“Yeah, so how was that? What time was it?”

“It was at 10.30. Well, there were some good vibes there, you ought to go sometime.”

“Well, maybe I’d be sober enough to drive by then. Who knows?”

Love. Grace. Depth. Who knows?


Amazements and Learnings Part 3: Everett, guest blogger!

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Amazements and Learnings Part 3:

A Testimonial of Personal Witness from Everett

That’s Everett on the right in the photo above, with a young man from a youth program in the Kansas City area where we overnighted on our way to Dallas.  Everett is an awesome young man who has been laboring with us in the Kingdom at our food pantry and in our youth mission for a couple of years now.  This was his first trip with us, and his first hands-on experience of street ministry.  Here’s his testimony of personal witness from the Dallas trip.  Signs and wonders, baby!! – FartheroutNearerto

I would testify to what I experienced on the missions trip.

First off, I was a bit wary of being able to stand the same people being in so close (less than a few feet in the car) to me during the trip. I will say that by the end, I did not only grow sick of any of them but wanted to spend more time with them once the week was coming to a close.
Now, Max, you know that I have never done street ministry before. After seeing what, I dunno, I just guess what I have always done (being: walking up to random strangers saying, “Hey there man, what’s up?” and then adding “Do you want some soup? Sure? Awesome, just this way! Say, what’s your name?” etc.) be in action for the mission was very joyous for me. The first day I saw Kim the look on those wide eyes when I offered her a cup of soup and blankets was so prominent that this was genuinely Earth shattering for her. By talking with her and praying with her, it heart touching to see hope come into someone’s life, if only for the moment. That move to pray with someone has given me the experience to pray with random people that I may or may not know that I meet in my daily lives (I can recall two as of right now). Prayer, prayer, prayer. If there has been anything that I have taken away from the Week, it has been the drive for sincere prayer.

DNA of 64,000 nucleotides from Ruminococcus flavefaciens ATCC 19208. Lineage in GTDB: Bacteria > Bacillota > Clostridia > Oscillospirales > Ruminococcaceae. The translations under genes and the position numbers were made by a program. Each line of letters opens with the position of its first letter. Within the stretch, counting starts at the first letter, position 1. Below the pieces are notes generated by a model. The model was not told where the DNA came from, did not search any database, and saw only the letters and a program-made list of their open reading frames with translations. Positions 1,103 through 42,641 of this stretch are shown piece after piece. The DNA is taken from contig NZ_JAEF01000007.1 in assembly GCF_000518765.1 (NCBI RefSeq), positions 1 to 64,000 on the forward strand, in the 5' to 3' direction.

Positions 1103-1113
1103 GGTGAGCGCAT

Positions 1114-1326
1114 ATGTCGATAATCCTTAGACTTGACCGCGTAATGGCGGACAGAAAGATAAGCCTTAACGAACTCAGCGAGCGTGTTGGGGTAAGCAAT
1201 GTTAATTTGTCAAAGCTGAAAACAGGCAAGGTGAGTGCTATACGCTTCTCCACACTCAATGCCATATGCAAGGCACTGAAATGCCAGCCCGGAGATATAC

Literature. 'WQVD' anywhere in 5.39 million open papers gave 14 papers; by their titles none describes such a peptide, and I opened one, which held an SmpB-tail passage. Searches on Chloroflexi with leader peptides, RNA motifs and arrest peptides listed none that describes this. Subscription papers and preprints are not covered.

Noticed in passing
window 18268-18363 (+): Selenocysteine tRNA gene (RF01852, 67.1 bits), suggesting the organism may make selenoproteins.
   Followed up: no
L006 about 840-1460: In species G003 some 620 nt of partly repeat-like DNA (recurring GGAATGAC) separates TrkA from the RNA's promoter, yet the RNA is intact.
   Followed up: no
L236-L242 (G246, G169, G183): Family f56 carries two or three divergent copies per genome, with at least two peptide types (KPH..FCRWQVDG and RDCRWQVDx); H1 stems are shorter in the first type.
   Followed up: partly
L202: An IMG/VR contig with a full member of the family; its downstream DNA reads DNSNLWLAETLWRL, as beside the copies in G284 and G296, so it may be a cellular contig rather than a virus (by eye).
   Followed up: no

The more and more I think about how we were lead across the country to work with some tiny church in “whowhatwhere’sville” with a bunch of seminary students from some tiny little country of origin thousands of miles away from here that didn’t speak much of our language, the more I am lead to believe that this was too ridiculous for it not to be God’s hand at work.

I have always struggled in defining exactly what clique, social group, or tribe I was a part of so that I can interact for the Kingdom. In High school, I got along great with almost all of them. I hung out with the video game-retro crowd, joked with the jocks, discoursed with the Liberals, laughed with the Goths, partnered (for projects) with the Autistic, punned with the nerds, collaborated with the Artsy, paled around with the partiers, talked with the pot smokers, intellectualized with the high-minded, obliged the conservatives, sat with the “poorer” kids, and joked with the overprivileged. By communicating with and praying with Daniel, Jeon’s son, I am reminded of how well I got along with (nearly) everyone, but how strongly I desire to seek out those with Autism/CP/disabilities etc. I myself am not Autistic, nor do I have CP or Asperger’s or anything like that. But for whatever reason, I get along well with this group of often socially distraught and shy people. I believe that they teach me and, somehow, I teach them. Perhaps that was my tribe. I do not know. For whatever it is worth, I know that I can reach this tribe to be invited into my tribe. I don’t know how in the world God wants to use Daniel to make disciples, but I pray that he does.

Also, the worship service on Wednesday night was spectacular.

Also, I now believe that God can lead people through feelings and other things to do His will, whatever it may be.

Amazements and Learnings Part 2 – The Great Commission is Never Without Opposition

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Mission Planting in Dallas – Amazements and Learnings Part 2

The Great Commission is Never Without Opposition

Faithfulness to the Great Commission is never without opposition. I do not come by this rationally because it makes no intuitive sense. I come by this phenomenologically because I have seen it happen over and over and over again.  And often that opposition comes from the most unlikely of places.

“Master,” said John, “we saw someone driving out demons in your name and we tried to stop him, because he is not one of us.”  “Do not stop him,” Jesus said, “for whoever is not against you is for you.” – as related in Luke 9:49-50